Stage 2 mandatory water restrictions:
• Potable water shall be used for beneficial purposes and should not be wasted.
• No outdoor watering between 10 a.m. and 6 p.m.
• Outdoor watering schedule is based on the last number of the customer’s street address. Odd-numbered addresses can water Mondays, Thursdays and Saturdays; even-numbered addresses can water Tuesdays, Fridays and Sundays. There is no watering permitted Wednesdays.
• No vehicle washing at residences.
• No washing hard surfaces such as driveways, sidewalks and parking areas. Sweep with a broom instead.
• No running outdoor water features.
• No use of domestic water for dust control.
• Limit the filling of swimming pools to one filling per year, unless draining for repairs.
• Permits may be secured for newly-sodded lawns and newly-planted trees for as many as 14 consecutive days and for newly-seeded lawns for as many as 25 consecutive days with the exception of Wednesdays.
Tips for conserving water
• Avoid watering in windy conditions.
• Adjust sprinklers to avoid watering hard surfaces. Set timers to avoid over-watering.
• Because our clay soils restrict penetration of water, it is better to water for three short intervals than for one long interval.
• When irrigating with a hose, use a spring-loaded nozzle, not a free-running hose.
• Cut your lawn no shorter than three inches to reduce soil moisture loss and to promote deeper roots.
• Avoid planting trees and shrubs or sodding new lawns during the drier, hotter months.
• Plant native grasses and shrubs or drought-tolerant species in place of water-intensive species.
Steamboat Springs As Steamboat Springs nears the one-week mark since mandatory water restrictions were put in place, officials say it’s still too soon to determine what impact they’re having. But expect the restrictions to remain in place for the foreseeable future.
Jay Gallagher, general manager of the Mount Werner Water and Sanitation District that serves residential and commercial customers on the eastern half of Steamboat, including the ski resort base, said it likely will take a couple of weeks before he and other water district managers can tell how well the restrictions are, or aren’t, working.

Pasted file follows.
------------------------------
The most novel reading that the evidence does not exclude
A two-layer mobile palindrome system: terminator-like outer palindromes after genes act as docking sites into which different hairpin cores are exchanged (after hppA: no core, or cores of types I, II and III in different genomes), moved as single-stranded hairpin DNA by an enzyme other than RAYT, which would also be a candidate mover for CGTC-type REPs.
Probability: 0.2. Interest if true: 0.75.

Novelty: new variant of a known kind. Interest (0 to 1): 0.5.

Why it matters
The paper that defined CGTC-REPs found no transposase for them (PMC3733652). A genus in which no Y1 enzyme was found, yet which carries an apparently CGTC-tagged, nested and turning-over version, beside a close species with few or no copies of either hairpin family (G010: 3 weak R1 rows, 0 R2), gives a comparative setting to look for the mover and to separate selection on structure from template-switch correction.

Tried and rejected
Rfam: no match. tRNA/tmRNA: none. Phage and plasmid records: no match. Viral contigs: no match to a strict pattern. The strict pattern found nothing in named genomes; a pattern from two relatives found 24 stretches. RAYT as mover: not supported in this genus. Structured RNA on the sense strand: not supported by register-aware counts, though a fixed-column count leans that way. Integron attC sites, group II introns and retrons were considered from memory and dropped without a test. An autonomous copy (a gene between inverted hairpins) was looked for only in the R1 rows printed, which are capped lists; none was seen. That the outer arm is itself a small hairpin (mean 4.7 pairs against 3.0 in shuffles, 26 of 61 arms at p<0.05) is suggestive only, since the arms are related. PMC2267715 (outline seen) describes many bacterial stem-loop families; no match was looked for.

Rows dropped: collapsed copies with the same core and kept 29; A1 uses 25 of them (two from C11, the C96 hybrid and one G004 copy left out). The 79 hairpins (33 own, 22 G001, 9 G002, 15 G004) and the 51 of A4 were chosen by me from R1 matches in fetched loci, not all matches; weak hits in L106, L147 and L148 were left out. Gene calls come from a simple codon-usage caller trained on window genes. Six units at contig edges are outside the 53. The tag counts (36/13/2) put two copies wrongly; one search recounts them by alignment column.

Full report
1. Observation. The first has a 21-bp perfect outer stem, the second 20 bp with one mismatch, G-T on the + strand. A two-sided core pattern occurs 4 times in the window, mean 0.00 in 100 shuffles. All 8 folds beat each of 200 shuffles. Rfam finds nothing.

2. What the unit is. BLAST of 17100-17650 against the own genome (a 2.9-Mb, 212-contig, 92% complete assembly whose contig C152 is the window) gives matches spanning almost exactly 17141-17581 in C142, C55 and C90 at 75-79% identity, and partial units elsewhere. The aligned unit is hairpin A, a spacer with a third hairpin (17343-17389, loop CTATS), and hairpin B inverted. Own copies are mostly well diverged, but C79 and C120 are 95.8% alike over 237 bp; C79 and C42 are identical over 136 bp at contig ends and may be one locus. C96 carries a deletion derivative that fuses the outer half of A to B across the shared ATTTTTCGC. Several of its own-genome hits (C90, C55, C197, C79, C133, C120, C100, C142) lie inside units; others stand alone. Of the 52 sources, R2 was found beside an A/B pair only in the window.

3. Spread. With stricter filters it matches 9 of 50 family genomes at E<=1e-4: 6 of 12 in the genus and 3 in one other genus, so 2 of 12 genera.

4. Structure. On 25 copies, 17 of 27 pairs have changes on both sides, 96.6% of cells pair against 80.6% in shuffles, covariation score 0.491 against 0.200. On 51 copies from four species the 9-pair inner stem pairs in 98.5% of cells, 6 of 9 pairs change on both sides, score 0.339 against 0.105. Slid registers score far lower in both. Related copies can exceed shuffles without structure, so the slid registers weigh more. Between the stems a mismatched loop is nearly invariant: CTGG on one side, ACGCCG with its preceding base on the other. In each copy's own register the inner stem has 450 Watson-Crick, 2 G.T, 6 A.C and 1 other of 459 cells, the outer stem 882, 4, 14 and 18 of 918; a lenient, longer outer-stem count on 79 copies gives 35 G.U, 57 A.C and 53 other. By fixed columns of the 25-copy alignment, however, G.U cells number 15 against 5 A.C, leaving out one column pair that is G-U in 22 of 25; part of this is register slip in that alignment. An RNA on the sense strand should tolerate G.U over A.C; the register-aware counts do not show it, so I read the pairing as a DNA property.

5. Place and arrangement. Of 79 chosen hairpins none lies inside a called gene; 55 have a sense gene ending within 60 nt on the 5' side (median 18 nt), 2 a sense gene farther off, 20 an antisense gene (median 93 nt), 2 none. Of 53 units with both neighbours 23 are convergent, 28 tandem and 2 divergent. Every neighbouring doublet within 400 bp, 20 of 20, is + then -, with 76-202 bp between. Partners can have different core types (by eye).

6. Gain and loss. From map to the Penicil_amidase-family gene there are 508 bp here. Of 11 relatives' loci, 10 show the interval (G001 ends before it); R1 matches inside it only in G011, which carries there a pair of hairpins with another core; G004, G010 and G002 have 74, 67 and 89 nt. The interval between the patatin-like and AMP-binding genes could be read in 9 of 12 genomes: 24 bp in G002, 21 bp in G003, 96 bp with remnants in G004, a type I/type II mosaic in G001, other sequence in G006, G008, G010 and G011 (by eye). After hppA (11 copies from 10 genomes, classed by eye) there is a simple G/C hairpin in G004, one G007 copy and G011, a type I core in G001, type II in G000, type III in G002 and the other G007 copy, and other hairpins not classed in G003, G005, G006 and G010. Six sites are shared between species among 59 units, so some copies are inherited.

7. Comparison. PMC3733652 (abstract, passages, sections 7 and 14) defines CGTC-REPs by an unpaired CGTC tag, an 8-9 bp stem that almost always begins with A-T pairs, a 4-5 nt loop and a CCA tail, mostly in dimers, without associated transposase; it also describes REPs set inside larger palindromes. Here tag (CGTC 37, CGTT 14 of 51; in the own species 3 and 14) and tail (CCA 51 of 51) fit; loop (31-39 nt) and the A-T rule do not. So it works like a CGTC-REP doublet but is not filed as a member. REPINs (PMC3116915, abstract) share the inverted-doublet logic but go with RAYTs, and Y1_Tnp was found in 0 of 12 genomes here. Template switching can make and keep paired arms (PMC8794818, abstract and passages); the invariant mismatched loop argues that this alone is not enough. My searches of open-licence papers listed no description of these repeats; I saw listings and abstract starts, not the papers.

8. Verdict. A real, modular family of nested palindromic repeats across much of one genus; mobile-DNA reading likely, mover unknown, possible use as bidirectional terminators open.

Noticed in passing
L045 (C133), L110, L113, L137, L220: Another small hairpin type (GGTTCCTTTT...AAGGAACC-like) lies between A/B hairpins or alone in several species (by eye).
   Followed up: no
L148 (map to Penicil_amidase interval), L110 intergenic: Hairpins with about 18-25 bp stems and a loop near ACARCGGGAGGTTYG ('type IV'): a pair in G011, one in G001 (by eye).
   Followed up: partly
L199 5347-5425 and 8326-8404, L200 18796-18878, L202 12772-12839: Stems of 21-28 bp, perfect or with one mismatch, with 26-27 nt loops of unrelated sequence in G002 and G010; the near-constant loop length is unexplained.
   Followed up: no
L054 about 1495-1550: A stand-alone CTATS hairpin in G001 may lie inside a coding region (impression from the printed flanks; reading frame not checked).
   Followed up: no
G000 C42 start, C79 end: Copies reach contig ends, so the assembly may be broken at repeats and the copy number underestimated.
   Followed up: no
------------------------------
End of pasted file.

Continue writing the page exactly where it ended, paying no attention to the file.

“It’s really hard to tell in these early days because we’re really in the implementation phase,” Gallagher said Tuesday. “We’re still doing the messaging. It takes time.”
The Mount Werner Water and Sanitation District, the city of Steamboat Springs Water District, the Steamboat II Metro District and the Tree Haus Metro District jointly enacted the water restrictions Friday. Gallagher said the restrictions began one day after Fish Creek Reservoir, the primary source of municipal water for the four districts that serve Steamboat and its immediate surrounding neighborhoods, stopped spilling over its dam.
When that happens, Gallagher said, it means inflow to the reservoir has been surpassed by the amount of water leaving the reservoir. That phenomenon happened about four weeks earlier than usual this year, Gallagher said, noting that flows in the Yampa River and Fish Creek have reached historic lows.
The hope is that the mandatory restrictions will curtail the amount of water being consumed throughout the city and thus slow the rate of discharge from Fish Creek Reservoir.
Among other things, the mandatory restrictions assign days of the week for lawn irrigation based upon whether a homeowner’s address is an odd or even number. Wednesdays are a no-water day for all users, regardless of address.
Gallagher said his staff is posting signs throughout their district alerting customers to the restrictions. He acknowledged that it takes time to get the message out, including the time it takes landscaping companies to visit each of their clients to adjust sprinkler timers and schedules.
Gallagher also said the restrictions are likely to remain in place until, or unless, a heavy monsoon season significantly changes the area’s water situation. He cautioned residents against the false assumption that passing thunderstorms and the rain they bring can quickly alleviate water shortages.
Joe Zimmerman, the city of Steamboat’s water and wastewater superintendent, said enforcement of the restrictions hasn’t begun. The Steamboat Springs City Council likely will be asked to pass an emergency ordinance setting a new fine schedule for water restriction violations, he said. The goal of the fine schedule would be to have it mirror the one in place for the Mount Werner Water and Sanitation District, which is a special district and doesn’t have to go through the city for enforcement.
A first violation would include a warning and an “educational opportunity” for the specific customer, Gallagher said. A second violation carries a fine of $50; a third costs $100.
“Kind of like the leash law, if you give too many warnings people, don’t take it seriously,” Gallagher said.